My son called me last night to wish me happy Father’s Day, and after we exchanged the usual pleasantries, one of the first things he said was how everyone seems to be very discouraged about the country, and especially let down about the direction we’re heading in Iraq. I’ve been feeling exactly the same way, and I don’t think this was a coincidence or genetically driven consensus. You see the signs everywhere, and the national polls indicate that less than 20 percent of the public believes the country is headed in the right direction, while nearly 70 percent believe we’re headed in the wrong direction. Those are astonishing, almost unprecedented numbers.
After their embarrassing retreat on the Iraq supplemental funding bill, and the drubbing they took in the polls soon after, Congressional Democrats are struggling with how to define a path out of Iraq, knowing that even in their own party, they still don’t have the votes or even a clear goal to end America’s occupation in that savaged country. Harry Reid and Nancy Pelosi are promising to bring a withdrawal deadline and other measures before Congress soon, but I’ve read nothing that suggests the Democrats have a plan or a strategy that will result in a different outcome from the supplemental funding bill. If I’ve missed something, I’d sure like to hear about it.
Kathryn, RevDeb, Mr. RevDeb and I attended a community meeting in Natick, Massachusetts on Saturday to hear Senator Kerry speak and answer questions about Iraq. Our friend Ryan, a local blogger, had this insightful reaction, and another local blogger prepared a summary of Kerry’s opening statement and response to about a dozen questions. My own reaction is that our Senator was honestly struggling with how best to extract America from the Iraq quagmire, but I was dismayed to hear that Kerry was almost incoherent in explaining how this could be done.
I would have thought that a long-time member of the Senate Foreign Relations Committee, the man who was the Democratic standard bearer in 2004, and someone who, shall we say, is sensitive to where the political winds are blowing, would have come prepared to answer the most predictable questions about Iraq. To be sure, he had a general position about the need to emphasize political/diplomatic versus military solutions, and he strongly favors a regional conference of neighboring countries to agree on regional security arrangements that would both support political solutions within Iraq and not spread its sectarian tensions further. But on how we get there with this Congress and this President, Kerry’s basic response was “we don’t have the votes; we need more Democrats in 2008.”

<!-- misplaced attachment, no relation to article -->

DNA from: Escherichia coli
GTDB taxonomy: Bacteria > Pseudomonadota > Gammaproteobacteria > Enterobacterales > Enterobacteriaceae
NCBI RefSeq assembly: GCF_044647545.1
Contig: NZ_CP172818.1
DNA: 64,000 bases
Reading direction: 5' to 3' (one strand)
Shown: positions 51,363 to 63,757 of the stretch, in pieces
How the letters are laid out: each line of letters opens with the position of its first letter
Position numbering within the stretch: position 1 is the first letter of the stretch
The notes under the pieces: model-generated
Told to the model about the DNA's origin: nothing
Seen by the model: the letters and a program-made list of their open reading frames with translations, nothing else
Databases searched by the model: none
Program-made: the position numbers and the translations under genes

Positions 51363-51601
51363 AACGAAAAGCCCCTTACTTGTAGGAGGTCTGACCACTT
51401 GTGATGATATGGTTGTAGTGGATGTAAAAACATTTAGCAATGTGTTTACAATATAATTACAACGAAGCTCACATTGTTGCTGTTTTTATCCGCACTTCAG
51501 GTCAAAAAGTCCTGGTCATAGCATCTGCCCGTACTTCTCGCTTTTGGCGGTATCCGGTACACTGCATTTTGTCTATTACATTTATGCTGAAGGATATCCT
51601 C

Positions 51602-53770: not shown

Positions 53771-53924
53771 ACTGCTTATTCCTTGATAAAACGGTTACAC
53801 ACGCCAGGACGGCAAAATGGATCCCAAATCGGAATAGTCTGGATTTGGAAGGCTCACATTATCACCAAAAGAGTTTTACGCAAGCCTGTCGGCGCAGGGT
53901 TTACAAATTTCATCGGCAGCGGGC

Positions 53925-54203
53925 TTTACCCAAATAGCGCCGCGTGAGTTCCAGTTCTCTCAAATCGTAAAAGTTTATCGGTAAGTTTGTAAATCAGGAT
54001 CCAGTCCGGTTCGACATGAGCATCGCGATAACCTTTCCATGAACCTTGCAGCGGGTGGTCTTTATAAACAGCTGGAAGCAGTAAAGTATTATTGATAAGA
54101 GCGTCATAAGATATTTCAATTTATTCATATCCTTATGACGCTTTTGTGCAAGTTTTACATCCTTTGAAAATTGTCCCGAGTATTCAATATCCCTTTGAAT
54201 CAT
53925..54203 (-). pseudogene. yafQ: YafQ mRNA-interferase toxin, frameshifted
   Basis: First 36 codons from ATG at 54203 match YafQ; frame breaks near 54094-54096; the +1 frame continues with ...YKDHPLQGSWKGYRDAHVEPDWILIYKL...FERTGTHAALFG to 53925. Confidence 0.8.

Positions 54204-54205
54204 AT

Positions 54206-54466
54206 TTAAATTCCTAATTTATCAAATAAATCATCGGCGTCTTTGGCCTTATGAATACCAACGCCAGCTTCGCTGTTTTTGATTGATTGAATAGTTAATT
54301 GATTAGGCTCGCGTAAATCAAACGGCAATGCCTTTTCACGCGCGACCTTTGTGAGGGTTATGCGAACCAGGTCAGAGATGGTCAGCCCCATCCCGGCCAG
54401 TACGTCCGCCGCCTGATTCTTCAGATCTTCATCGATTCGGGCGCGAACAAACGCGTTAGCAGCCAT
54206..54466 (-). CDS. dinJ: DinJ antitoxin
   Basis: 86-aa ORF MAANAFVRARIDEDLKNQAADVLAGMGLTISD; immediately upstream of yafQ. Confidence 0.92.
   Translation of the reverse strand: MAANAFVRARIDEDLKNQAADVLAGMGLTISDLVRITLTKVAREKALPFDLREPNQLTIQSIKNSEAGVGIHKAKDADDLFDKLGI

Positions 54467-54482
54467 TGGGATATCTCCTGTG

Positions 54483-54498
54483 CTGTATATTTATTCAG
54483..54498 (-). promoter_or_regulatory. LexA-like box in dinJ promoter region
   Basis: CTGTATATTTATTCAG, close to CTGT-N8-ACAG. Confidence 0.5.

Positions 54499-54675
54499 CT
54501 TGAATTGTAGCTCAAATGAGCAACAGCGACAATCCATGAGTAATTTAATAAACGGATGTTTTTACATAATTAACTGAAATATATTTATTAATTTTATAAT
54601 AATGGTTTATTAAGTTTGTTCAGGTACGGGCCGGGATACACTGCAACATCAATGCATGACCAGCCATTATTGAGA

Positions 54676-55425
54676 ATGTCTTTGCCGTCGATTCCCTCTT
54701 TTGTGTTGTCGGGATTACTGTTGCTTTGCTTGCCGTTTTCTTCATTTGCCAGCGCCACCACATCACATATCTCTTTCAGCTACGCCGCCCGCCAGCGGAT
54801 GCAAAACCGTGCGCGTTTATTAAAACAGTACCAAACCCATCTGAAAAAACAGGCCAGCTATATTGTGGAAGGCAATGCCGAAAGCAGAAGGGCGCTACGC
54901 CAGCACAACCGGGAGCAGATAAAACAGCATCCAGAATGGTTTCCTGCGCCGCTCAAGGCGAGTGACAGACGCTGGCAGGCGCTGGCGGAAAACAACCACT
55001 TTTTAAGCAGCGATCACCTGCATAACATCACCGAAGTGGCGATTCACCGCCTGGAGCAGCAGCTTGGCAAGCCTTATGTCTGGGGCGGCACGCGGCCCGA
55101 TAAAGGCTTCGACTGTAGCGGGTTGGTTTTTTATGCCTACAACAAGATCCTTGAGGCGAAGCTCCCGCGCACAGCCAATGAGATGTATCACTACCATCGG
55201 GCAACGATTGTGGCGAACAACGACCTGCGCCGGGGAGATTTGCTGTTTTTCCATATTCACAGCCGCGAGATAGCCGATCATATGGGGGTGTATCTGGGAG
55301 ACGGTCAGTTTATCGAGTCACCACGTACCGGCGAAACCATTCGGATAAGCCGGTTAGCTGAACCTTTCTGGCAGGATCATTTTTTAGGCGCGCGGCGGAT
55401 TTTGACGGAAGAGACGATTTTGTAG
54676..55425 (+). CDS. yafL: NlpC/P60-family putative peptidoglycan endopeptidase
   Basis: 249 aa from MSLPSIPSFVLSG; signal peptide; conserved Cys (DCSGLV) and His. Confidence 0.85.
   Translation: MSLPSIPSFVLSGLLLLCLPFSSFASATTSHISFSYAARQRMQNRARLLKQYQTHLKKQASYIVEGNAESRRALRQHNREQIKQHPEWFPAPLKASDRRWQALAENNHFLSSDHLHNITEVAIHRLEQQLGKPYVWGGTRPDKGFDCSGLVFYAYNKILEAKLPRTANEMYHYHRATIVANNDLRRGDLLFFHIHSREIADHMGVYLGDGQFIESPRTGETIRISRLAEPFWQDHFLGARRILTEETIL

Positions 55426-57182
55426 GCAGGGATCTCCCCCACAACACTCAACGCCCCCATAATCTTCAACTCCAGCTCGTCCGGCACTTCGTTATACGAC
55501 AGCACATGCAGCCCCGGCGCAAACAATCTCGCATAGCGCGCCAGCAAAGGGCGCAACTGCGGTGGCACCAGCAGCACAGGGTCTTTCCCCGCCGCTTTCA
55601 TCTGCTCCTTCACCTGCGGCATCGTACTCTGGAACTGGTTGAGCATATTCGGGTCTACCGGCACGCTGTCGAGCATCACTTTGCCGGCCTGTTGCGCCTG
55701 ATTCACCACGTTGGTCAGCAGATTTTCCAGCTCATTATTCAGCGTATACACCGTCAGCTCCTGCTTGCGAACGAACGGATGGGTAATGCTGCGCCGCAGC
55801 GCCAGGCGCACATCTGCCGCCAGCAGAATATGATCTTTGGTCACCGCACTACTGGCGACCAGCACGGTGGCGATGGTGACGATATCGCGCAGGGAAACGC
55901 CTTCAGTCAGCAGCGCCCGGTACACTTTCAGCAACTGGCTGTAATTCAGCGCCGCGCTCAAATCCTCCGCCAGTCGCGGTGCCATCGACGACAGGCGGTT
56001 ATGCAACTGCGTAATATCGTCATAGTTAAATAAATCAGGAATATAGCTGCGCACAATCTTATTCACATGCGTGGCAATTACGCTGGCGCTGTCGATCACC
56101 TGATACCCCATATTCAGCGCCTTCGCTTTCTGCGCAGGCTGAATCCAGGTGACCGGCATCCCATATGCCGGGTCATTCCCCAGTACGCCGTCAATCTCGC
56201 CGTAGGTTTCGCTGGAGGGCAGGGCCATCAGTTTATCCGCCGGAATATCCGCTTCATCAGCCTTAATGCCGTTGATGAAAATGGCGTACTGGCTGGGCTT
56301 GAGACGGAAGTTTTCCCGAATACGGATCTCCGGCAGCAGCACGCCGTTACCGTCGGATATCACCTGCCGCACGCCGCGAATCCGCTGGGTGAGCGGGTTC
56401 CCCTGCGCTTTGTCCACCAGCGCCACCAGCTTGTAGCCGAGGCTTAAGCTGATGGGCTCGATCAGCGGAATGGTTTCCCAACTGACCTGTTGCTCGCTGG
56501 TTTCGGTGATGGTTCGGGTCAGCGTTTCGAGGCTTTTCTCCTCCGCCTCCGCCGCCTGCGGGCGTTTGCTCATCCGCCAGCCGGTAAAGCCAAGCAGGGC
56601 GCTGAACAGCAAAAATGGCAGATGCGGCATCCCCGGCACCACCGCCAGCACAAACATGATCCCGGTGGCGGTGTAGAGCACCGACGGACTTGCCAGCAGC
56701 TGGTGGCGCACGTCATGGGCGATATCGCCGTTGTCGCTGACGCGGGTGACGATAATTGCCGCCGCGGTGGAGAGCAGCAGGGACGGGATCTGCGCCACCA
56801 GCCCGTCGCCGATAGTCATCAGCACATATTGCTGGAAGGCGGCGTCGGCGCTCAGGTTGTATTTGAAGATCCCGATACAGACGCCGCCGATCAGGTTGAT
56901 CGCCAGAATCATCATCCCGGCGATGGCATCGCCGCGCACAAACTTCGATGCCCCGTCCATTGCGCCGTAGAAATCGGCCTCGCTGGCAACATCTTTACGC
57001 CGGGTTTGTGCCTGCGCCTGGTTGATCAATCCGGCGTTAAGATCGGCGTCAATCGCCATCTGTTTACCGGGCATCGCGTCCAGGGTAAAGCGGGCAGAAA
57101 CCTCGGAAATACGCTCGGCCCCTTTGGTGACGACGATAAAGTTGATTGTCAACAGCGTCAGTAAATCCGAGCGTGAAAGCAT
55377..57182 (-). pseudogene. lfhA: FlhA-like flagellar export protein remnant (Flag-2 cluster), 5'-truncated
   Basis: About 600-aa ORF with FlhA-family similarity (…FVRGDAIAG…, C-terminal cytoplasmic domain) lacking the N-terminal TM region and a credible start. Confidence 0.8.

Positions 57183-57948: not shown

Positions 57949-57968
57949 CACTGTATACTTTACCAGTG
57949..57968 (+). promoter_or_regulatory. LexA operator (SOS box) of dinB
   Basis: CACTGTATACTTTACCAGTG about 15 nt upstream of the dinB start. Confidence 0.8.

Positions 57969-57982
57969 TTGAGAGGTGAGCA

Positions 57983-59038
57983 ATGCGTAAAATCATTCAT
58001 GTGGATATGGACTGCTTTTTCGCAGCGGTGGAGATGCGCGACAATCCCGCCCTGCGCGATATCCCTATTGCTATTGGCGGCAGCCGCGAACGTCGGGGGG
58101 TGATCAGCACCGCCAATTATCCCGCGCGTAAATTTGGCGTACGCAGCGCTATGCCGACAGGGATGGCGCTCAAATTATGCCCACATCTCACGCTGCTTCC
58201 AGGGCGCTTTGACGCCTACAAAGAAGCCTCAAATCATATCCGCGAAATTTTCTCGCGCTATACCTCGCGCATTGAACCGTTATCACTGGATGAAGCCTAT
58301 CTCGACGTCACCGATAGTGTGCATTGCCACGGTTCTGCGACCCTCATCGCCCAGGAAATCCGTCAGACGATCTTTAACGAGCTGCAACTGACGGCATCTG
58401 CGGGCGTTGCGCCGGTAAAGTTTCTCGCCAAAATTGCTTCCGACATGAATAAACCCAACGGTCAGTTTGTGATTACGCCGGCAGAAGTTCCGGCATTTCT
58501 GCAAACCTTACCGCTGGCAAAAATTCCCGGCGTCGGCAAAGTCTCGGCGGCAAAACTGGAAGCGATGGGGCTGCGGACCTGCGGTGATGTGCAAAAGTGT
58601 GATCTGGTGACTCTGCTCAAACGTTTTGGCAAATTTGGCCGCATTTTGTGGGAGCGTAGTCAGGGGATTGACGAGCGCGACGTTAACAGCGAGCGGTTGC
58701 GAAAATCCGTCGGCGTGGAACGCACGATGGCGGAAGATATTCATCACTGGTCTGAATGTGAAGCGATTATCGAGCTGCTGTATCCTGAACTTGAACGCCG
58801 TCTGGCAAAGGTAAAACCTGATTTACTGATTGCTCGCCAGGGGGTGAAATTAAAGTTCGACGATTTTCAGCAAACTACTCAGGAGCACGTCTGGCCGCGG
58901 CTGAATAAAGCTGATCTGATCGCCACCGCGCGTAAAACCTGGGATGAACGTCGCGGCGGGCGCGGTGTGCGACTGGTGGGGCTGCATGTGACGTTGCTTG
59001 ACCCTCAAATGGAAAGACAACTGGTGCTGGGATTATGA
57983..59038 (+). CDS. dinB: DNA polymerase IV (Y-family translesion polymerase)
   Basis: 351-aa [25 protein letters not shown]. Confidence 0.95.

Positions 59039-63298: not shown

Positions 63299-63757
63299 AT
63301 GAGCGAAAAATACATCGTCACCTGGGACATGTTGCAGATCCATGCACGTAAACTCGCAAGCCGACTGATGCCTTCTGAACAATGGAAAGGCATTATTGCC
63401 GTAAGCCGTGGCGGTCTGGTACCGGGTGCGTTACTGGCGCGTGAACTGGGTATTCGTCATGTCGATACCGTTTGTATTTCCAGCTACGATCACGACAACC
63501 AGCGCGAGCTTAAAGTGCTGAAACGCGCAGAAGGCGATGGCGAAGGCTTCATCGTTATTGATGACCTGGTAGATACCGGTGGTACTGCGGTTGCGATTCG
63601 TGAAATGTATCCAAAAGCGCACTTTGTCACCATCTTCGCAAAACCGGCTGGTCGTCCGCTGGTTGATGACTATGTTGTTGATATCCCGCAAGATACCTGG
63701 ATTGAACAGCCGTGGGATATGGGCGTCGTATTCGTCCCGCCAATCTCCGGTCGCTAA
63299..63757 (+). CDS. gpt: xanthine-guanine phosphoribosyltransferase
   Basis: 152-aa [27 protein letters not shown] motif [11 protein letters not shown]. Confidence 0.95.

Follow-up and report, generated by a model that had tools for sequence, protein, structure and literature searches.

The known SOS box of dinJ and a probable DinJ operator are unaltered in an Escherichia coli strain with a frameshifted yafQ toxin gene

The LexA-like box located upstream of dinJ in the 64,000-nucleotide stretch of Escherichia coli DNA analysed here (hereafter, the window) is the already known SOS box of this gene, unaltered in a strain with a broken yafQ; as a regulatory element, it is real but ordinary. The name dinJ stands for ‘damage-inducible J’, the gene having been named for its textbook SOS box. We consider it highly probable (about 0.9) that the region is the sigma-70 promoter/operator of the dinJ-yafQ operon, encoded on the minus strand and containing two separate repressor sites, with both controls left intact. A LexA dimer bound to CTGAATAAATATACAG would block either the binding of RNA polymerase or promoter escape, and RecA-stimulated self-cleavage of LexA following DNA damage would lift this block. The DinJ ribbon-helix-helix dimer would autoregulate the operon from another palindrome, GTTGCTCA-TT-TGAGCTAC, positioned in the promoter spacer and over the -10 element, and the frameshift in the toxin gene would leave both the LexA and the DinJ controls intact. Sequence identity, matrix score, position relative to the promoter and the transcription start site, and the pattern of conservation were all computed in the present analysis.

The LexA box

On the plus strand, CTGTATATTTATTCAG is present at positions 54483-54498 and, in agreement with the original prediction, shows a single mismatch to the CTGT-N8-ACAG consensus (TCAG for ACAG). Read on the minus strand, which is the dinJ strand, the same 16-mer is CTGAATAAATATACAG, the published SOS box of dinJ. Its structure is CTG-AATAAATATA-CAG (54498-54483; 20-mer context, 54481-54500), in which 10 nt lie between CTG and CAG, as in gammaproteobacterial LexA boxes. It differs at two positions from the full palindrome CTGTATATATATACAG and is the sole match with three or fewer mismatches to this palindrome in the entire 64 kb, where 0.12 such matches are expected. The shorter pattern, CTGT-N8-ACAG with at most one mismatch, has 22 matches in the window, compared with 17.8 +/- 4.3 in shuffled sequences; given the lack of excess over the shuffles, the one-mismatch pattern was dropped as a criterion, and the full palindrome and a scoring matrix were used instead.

Senator Biden, appearing on ABC’s talking head show yesterday, echoed this general notion of helplessness, repeating the idea he expressed at the New Hampshire debate that we can’t get out of Iraq until we have a different President. If you start with that assumption (which I share until someone shows me another plausible scenario), then one can explain a vote for the supplemental funding bill if, as Biden does, one believes that’s the only way to get better armored vehicles to the troops who are stuck there. Since we can’t get them out, at least protect them better from IEDs. In that framework, Biden’s “wrong” vote becomes more logical and defensible than the “right” votes cast by Clinton and Obama. Biden is resigned that we can’t change the fundamental politics with this President, even with Bush at 28 percent. Is he right?
Democrats desperately need a framework that breaks free from this immobilizing logic. The stories from Iraq are about benchmarks going unmet, about increasing violence and mounting casualties. Yesterday, General Petraeus was Mr. Reasonable as he explained why we shouldn’t expect progress quickly and why we might need to be there for the next ten years or so, and how he’d give us an honest assessment in September. But the real world news is in today’s Washington Post, which features another devastating report from Anne Hull and Dana Priest on the traumatic head and mental injuries sustained by US troops. Read it slowly and then remember, that’s just our troops. There’s another set of stories about what this war is doing to the Iraqis.
Photo: US troops in Afghanistan, (Omar Sobhani/Reuters)